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Low-Dose Aspirin Use Linked to Increased Internal Bleeding

aspirin

A new survey published on June 25, 2024 in the Annals of Internal Medicine has found that tens of millions of adults aged 60 and older are unknowingly putting themselves at increased risk for internal bleeding by routinely taking low-dose aspirin. The survey results suggest that the drug’s potential risks may outweigh the drug’s potential benefits in preventing heart attacks and strokes for older adults.1

In 2021, researchers at the Cleveland Clinic surveyed over 186,000 U.S. adults aged 40 and older about their aspirin use. Nearly 20 percent reported using aspirin for “primary prevention” to prevent a heart attack or stroke. The rate was even higher among those aged 60 and up, with almost 30 percent using aspirin for the same purpose.

Over five percent of those taking aspirin for primary prevention did so without a doctor’s advice, while the remaining 95 percent had either informed their doctors about their aspirin use or had been advised by their doctors to take it. Researchers found that in the overall group of women, aspirin did not reduce the risk of heart attacks, but it did increase the risk of bleeding. Only “some” benefit was seen for women over 65.2

Low-Dose Aspirin for Heart Attack or Stroke Prevention Dates from the 1990’s

The widely recognized guidance of some doctors to take aspirin to prevent serious medical events dates back to the 1990s when published research hypothesized that taking low-dose aspirin regularly could reduce the risk of heart attack or stroke by preventing blood clots. “Aspirin works by targeting an enzyme called cyclooxygenase,” which is essential in clot formation, Dr. Prashant Vaishnava, a preventive cardiologist at Columbia University Irving Medical Center, said in an interview. “Through that inhibition, it actually increases the risk of bleeding because it renders the platelets less likely to clump together,” a process that typically helps stop internal bleeding, he explains.2

As with all drugs prescribed by doctors, it was thought at the time that the potential benefits of proactively taking low-dose aspirin—to prevent heart attack or stroke—outweighed the risks of internal bleeding in the gastrointestinal tract. However, a 2018 study challenged this assumption, particularly for older adults. The study concluded that using low-dose aspirin to prevent heart problems in older adults led to a “significantly higher risk of major hemorrhage” and did not significantly reduce the risk of heart disease compared to the placebo group.3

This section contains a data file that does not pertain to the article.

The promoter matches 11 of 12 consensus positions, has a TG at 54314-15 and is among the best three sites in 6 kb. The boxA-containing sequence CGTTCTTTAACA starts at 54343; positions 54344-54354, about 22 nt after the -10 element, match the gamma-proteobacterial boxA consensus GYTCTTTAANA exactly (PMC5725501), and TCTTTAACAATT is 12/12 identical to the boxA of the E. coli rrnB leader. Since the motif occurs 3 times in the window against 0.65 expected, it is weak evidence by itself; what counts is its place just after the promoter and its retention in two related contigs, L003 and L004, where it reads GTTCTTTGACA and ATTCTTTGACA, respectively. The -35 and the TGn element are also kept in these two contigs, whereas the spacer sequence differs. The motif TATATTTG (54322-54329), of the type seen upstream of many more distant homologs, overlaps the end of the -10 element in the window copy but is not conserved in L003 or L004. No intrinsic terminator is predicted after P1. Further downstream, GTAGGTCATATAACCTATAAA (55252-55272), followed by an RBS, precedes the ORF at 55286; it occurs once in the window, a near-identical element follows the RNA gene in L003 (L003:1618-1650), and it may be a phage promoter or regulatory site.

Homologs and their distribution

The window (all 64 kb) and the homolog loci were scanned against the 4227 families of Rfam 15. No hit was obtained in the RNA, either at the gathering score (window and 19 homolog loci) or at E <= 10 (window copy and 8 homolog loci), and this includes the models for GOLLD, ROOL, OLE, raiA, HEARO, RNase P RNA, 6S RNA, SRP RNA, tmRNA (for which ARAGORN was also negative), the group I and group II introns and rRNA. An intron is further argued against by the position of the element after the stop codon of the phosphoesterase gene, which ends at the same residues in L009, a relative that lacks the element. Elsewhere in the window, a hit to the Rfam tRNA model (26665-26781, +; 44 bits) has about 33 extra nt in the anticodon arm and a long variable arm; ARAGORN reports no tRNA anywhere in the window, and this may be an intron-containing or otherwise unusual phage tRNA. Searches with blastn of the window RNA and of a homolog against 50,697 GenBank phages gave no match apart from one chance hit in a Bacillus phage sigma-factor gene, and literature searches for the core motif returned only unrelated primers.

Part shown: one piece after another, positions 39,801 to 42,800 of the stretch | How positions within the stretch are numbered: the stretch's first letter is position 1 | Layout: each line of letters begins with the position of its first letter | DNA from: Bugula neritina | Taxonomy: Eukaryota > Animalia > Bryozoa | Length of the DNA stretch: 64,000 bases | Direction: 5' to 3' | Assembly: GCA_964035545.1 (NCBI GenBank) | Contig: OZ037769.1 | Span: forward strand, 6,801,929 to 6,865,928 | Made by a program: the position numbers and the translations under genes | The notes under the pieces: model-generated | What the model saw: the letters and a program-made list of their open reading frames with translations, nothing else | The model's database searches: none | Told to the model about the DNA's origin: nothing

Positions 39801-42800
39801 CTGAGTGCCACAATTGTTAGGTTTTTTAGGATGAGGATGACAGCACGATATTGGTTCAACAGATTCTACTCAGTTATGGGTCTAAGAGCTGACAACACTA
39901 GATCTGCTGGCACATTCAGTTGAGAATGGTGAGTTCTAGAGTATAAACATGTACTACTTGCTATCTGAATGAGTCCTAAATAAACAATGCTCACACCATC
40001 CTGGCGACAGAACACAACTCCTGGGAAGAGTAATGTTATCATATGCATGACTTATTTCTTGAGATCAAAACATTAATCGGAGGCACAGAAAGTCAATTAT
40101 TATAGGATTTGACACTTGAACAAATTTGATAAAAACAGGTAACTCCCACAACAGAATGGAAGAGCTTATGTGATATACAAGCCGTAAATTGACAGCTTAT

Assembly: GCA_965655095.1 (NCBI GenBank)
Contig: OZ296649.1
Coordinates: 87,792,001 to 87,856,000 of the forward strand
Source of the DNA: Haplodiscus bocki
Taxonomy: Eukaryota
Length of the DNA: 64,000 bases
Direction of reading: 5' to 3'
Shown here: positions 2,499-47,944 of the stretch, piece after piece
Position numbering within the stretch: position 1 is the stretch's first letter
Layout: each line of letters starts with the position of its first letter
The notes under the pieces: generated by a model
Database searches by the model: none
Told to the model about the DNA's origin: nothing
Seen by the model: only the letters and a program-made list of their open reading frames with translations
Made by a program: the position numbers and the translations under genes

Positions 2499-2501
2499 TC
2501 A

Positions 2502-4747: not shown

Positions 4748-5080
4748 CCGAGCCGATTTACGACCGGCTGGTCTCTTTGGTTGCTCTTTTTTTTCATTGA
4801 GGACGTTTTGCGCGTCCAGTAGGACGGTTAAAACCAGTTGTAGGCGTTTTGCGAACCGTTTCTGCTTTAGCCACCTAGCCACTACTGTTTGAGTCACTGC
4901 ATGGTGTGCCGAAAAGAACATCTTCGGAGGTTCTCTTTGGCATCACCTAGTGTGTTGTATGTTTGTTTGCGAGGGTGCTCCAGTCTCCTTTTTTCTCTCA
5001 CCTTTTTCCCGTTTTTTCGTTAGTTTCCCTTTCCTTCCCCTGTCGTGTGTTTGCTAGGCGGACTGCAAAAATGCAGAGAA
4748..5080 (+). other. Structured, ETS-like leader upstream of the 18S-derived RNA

“The decision to treat with any medication is essentially a balancing act between the benefits and risks of that drug,” Mohak Gupta, MD, a senior resident physician at Cleveland Clinic and co-author of the new study, said in an interview. “The benefits of primary prevention aspirin are lower and risks are higher than we previously knew.”2

Aspirin Does Not Prevent Heart Attacks in Women: 2005 Study

More troubling than the 2018 findings is a 10-year Women’s Health study from 2005 that followed 40,000 healthy women, which found that low-dose aspirin did not protect them from first heart attacks at all. In the study, half of the participants who took 100 milligrams of aspirin every other day showed no reduced likelihood of suffering heart attacks compared to the other half who took placebos. 4

While the study did find that low-dose aspirin modestly reduced the risk of stroke in women, the results were almost the opposite of previous trials, mostly involving men. Those studies, including the landmark Physicians’ Health Study, indicated that aspirin therapy lowers the risk of heart attack but slightly increases the risk of stroke, suggesting that men and women respond differently to aspirin. “What was really surprising and not anticipated was this gender difference,” said Elizabeth G. Nabel, MD, director of the National Heart, Lung, and Blood Institute, which helped fund the Women’s Health Study.5 6